This entry is a hodge-podge of things:
Getting a ‘new’ bird for one’s lifelist is important to every bird person. Ever since I started going to the Arctic I have been hoping to see an Ivory Gull. I always pictured it out at the ice edge, scavenging a polar bear kill. But no, the one I saw was scavenging the dog food in the communal sled dog kennel at the edge of town before it flew up to search for tidbits in the flotsam/garbage across the road. Disappointing somehow……
Although fishing and whaling figured largely in Svalbard’s early history (and still does to a degree), its more recent history, especially in the vicinity of Longyearbyen, revolved around coal extraction (and still does to a very limited degree). Still, Longyearbyen is very much a seagoing town with an active waterfront. Now, though, much of the nautical traffic involves tourists. Large and small vessels are arriving all the time. One morning I was taken completely by surprise: when walking to the university building I was surrounded by a long and steady stream of tourists. I made a detour to find the cause and found a boat the size of a large hotel at the waterfront. It had let all the passengers out for a 2-hour sightseeing and souvenir-buying spree before herding them all back onto the ship for the next port-of-call.
Sailboats here are plentiful. Some are rental boats, some are being actively sailed by their owners in town, and some have come from Europe. There is no tax on Svalbard so some individuals buy their boat here and then take it back to Europe tax-free (or, at least, that’s my understanding).
This has got to be the most honest town I’ve ever experienced. You don’t lock your car, in fact, most people leave their cars unlocked with the keys in them. A lot of people don’t lock their houses. The garage where we keep the zodiacs and all the boating equipment isn’t locked. And yet nothing gets stolen. Another interesting aspect to this is that in all buildings – public or otherwise – people take their shoes off in the foyer and go about in their socks. This includes restaurants and hotels. Here’s a picture of the entrance to the university building which shows all the shelving for shoes. I can’t imagine this happening anywhere else.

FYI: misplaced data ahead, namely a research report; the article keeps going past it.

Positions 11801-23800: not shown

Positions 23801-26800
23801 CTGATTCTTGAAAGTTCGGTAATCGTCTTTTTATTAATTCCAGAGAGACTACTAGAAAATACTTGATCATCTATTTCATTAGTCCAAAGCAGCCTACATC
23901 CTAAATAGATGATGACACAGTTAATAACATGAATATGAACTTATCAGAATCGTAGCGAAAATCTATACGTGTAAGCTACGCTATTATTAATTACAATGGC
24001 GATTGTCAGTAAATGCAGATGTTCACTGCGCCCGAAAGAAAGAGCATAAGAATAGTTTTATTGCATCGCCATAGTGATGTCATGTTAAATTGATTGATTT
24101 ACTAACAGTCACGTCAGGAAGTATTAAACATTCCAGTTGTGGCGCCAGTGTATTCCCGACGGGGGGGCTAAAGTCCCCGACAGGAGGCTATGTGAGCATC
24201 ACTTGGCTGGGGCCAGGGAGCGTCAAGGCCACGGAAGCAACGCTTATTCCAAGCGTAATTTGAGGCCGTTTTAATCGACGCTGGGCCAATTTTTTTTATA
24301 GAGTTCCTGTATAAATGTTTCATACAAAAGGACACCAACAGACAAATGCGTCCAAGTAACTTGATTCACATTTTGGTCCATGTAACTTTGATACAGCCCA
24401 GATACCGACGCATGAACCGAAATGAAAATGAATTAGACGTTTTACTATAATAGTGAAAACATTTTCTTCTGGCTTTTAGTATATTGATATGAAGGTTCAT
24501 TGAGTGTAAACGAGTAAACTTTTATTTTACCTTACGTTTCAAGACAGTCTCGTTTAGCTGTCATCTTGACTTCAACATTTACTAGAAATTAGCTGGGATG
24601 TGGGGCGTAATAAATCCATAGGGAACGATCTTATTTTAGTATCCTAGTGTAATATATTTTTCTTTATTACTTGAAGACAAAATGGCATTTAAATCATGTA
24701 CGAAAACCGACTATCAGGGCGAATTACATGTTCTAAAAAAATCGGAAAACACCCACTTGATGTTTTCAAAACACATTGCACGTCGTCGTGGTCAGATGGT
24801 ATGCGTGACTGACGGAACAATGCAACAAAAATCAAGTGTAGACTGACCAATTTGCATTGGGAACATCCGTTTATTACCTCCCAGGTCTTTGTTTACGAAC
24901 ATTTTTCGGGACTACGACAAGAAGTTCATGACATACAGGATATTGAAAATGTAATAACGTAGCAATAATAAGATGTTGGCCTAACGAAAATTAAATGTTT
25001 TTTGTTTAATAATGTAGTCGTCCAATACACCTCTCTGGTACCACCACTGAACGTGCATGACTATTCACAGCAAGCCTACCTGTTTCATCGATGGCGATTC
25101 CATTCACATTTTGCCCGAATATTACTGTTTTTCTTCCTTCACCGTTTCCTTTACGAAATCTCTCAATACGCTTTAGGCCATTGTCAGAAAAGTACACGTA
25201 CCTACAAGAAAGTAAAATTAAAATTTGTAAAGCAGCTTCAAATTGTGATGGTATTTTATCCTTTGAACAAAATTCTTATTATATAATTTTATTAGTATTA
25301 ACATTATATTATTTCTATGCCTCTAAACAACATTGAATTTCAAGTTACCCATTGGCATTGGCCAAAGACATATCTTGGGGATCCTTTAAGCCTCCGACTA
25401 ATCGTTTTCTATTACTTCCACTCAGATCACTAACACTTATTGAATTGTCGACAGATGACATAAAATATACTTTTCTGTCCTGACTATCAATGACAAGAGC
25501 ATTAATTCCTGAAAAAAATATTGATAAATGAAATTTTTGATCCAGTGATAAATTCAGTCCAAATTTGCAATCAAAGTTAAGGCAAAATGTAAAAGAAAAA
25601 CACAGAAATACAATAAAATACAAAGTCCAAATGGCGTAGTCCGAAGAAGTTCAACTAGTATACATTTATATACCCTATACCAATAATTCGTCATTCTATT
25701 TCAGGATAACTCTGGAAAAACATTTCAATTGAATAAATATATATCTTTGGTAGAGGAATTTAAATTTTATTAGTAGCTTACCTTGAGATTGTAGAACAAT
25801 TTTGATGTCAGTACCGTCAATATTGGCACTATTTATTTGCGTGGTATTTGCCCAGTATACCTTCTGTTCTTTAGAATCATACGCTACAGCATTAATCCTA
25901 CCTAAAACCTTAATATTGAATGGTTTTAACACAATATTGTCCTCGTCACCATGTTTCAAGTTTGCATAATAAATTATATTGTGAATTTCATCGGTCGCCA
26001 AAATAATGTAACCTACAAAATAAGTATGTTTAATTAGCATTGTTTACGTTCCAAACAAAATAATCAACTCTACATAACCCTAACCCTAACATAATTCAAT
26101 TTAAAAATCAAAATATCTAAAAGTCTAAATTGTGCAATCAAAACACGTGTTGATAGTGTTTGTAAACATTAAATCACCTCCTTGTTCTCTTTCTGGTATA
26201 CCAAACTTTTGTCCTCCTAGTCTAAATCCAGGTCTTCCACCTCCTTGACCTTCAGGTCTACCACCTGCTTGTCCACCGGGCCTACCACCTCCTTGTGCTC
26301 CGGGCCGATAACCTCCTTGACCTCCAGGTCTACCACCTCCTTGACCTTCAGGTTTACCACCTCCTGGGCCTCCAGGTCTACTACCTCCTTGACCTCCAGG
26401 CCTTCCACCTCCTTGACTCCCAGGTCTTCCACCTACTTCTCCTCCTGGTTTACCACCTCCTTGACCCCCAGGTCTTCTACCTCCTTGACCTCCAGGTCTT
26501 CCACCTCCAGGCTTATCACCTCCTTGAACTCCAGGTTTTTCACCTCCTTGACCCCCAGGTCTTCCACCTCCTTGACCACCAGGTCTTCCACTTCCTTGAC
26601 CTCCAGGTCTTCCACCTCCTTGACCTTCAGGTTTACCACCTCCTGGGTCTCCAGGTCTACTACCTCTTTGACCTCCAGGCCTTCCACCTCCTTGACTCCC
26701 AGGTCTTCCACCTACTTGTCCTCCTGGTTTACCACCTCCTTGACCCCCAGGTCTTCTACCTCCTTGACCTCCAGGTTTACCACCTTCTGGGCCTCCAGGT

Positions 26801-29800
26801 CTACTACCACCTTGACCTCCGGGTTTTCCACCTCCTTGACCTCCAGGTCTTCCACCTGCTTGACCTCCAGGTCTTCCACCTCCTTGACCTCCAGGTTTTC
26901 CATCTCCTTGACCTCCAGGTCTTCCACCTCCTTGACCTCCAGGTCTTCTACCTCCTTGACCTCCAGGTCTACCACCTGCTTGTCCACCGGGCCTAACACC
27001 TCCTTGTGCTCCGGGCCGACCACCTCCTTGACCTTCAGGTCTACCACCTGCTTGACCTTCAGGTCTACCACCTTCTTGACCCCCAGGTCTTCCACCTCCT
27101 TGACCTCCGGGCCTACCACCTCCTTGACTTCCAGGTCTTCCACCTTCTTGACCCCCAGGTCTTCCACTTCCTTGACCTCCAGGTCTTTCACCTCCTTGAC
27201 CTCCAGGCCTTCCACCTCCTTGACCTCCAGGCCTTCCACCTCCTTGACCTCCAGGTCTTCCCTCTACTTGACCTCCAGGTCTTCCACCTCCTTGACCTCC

The Summer Solstice, in some cultures, has been a major cause for celebration for centuries, if not milleniums. It’s sort of a big deal up here as well, and with good reason since the sun plays such an integral part in the life of arctic peoples. Last night there was the traditional (for up here) beach party to celebrate it. (I know, I know, it was a few days late but the people who are going to over-indulge are going to need the second day of a weekend to recover.) There was a big bonfire on the beach; tables and chairs were set out for people to sit down and enjoy each other; there was a pavilion to buy beer, wine and spirits (although you were able to bring your own); hamburgers were available; and nice rock music blasted out over a sound system, loud enough to put you in a groove but not so loud that you couldn’t hear your friends speak. It was just a very pleasant place to be. And then….two young women wandered a little way down the beach away from the madding crowd (but followed by a couple of camera wielding compatriots). Having imbibed enough alcohol to get them going, they stripped down to their undergarments (one even eschewed her bra) and dashed into the frigid waters, swam 20 strokes and then hustled back to shore to the appreciative applause of the crowd (although maybe it wasn’t all appreciative: “they must be crazy!” All in all it was a good night. I wonder what it’s like here when the sun doesn’t clear the horizon. The Winter Solstice….now that would be worthwhile celebrating!